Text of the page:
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Visit the active LitNet platform at www.litnet.co.za

Menings | Opinion > Lyste | Lists

Top 11 2011: Modjaji Books

Colleen Higgs - 2011-12-15

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Perfect for Christmas, choose one of these Modjaji Books




Tracey Farren's second novel, Snake, a pacy read, beautifully written, poignant, heart-stopping, frightening, and it deals with issues that we are all talking about right now – responsible journalism, masculinity, addiction, our violent society, children as innocent bystanders and victims. For anyone who likes a good story, told by a brilliant storyteller in a voice that will stay with you long after you have put the book down.

Yewande Omotoso's Bom Boy – a bold new voice on the block, tackling things head on and sideways – fitting in, standing out, finding love and meaning, what motivates people to do the things they do, adopting children across race – the implications, parenting, being Nigerian in South Africa, and many more issues, told and explored in an exquisitely written novel. Omotoso is going places; read Bom Boy and see what I mean.

Poetry makes a wonderful gift and here are a variety of different kinds of collections

Kerry Hammerton's These are the Lies I told you  – a lovely and unusual gift for a woman who likes her life and her body, a woman who knows how to say “yes” when she wants to and “no” and mean it! For a woman who likes sexy lingerie and all that goes with it, and for men who want to know more about what makes 21st-century women tick. According to Finuala Dowling Kerry is the Marian Keyes of poetry.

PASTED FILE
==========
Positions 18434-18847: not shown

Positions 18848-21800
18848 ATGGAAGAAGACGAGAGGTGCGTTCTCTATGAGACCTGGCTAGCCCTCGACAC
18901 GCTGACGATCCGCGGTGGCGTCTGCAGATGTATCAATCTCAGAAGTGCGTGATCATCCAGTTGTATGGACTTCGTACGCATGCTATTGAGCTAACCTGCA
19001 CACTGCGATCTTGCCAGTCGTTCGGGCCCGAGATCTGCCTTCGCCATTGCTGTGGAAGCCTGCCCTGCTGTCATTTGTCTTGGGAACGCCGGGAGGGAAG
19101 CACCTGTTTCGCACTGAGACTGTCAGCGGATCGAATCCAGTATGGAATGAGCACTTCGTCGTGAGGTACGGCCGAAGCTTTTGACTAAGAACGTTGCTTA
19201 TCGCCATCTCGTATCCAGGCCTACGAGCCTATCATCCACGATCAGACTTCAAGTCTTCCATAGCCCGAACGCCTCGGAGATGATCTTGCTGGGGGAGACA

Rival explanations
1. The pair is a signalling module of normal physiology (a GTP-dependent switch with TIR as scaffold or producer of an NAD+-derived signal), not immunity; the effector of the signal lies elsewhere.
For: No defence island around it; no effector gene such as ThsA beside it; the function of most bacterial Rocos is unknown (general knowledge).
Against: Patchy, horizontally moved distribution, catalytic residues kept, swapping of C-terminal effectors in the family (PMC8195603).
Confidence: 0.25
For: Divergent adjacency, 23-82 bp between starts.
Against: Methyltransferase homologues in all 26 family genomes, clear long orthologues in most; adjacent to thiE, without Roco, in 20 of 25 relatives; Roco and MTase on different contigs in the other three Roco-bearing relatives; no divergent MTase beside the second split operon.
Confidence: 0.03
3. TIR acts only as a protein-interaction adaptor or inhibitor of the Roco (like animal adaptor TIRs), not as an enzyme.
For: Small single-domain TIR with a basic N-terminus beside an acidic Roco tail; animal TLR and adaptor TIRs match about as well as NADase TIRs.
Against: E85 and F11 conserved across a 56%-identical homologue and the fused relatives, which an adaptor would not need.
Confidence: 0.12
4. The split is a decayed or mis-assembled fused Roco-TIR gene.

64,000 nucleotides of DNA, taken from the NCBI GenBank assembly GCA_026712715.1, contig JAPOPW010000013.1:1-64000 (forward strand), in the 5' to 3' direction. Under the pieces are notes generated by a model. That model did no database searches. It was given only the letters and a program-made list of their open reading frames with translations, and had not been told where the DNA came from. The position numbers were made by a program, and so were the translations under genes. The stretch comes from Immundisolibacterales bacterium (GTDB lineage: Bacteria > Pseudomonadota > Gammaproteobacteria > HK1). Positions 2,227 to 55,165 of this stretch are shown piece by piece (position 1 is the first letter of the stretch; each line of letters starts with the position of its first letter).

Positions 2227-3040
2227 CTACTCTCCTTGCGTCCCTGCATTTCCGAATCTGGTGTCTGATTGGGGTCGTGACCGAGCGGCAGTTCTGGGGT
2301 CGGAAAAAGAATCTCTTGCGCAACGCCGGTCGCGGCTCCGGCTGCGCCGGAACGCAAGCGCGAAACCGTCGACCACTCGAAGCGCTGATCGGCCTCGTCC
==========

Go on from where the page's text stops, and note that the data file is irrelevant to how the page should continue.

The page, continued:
Margaret Clough’s At Least the Duck survived – a wry, humorous collection of poetry with a twinkle in its eye and a spring in its step. Poetry for the young at heart, and for those facing old age, but with attitude.

Dawn Garisch’s Difficult Gifts: Dawn is a doctor, poet, novelist, dramatist and dancer, and her debut book of poems is as multifaceted as its author. A lovely gift for anyone who is awake to the world around them and inside them. (Dawn won the first Sol Plaatje EU Poetry Prize awarded in October 2011.)

Beverly Rycroft, Missing – a wonderful book of poems. The whole book works as a story of dealing with breast cancer. The book is written with humour, dry and warm; the poet has an eye for detail and an enchanting ability to play with language. (Beverly received second prize in the 2011 Sol Plaatje EU awards for poetry.)

Phillippa Yaa de Villiers’s The Everyday Wife: This book has just won the 2011 SALA poetry prize. The poems tell the truth, they dance – sometimes barefoot; they like to be read out loud; they'll make you gasp and sigh, laugh out loud, and come back for more.

Woman Unfolding by Jenna Mervis, another debut collection full of life and promise, a voice that is thoughtful, serious, carefully observing and concerned with living lightly on the planet and with taking responsibility.

Sarah Frost, Conduit – a beautiful debut collection by this fine young Durban poet: spare language, haunting images. "These are poems of drowning and coming up again. Of surviving with lungs that breathe water and sunlight. These are poems of longing and loss. Of searching for a foothold in a world where all slides and changes," says Kobus Moolman on Conduit.


Karen Lazar’s Hemispheres – a book that inspires, by a woman who is courageous, fiercely intelligent and independent, about getting her life back after a stroke at the age of 39. Be moved, encouraged, and be prepared to go on an unexpected journey.

Short stories

The Bed Book of Short Stories, edited by Joanne Hichens and Lauri Kubuitsile, is another personal favourite: 31 stories, a range of voices, and takes on the idea of “bed” as a place of comfort, rest, sleep, sickness, erotic encounters, death, sadness, despair and many other things besides. The stories cover a wide range of genres and styles – from zombie, crime, thriller, romance and comedy to realist and even tragedy. The collection features some award-winning writers, some newer writers, writers from neighbouring countries and many South Africans, including some who have emigrated. Lauri Kubuitsile was short-listed for her story "In the Spirit of McPhineas Lata" for the 2011 Caine Prize, a high honour indeed.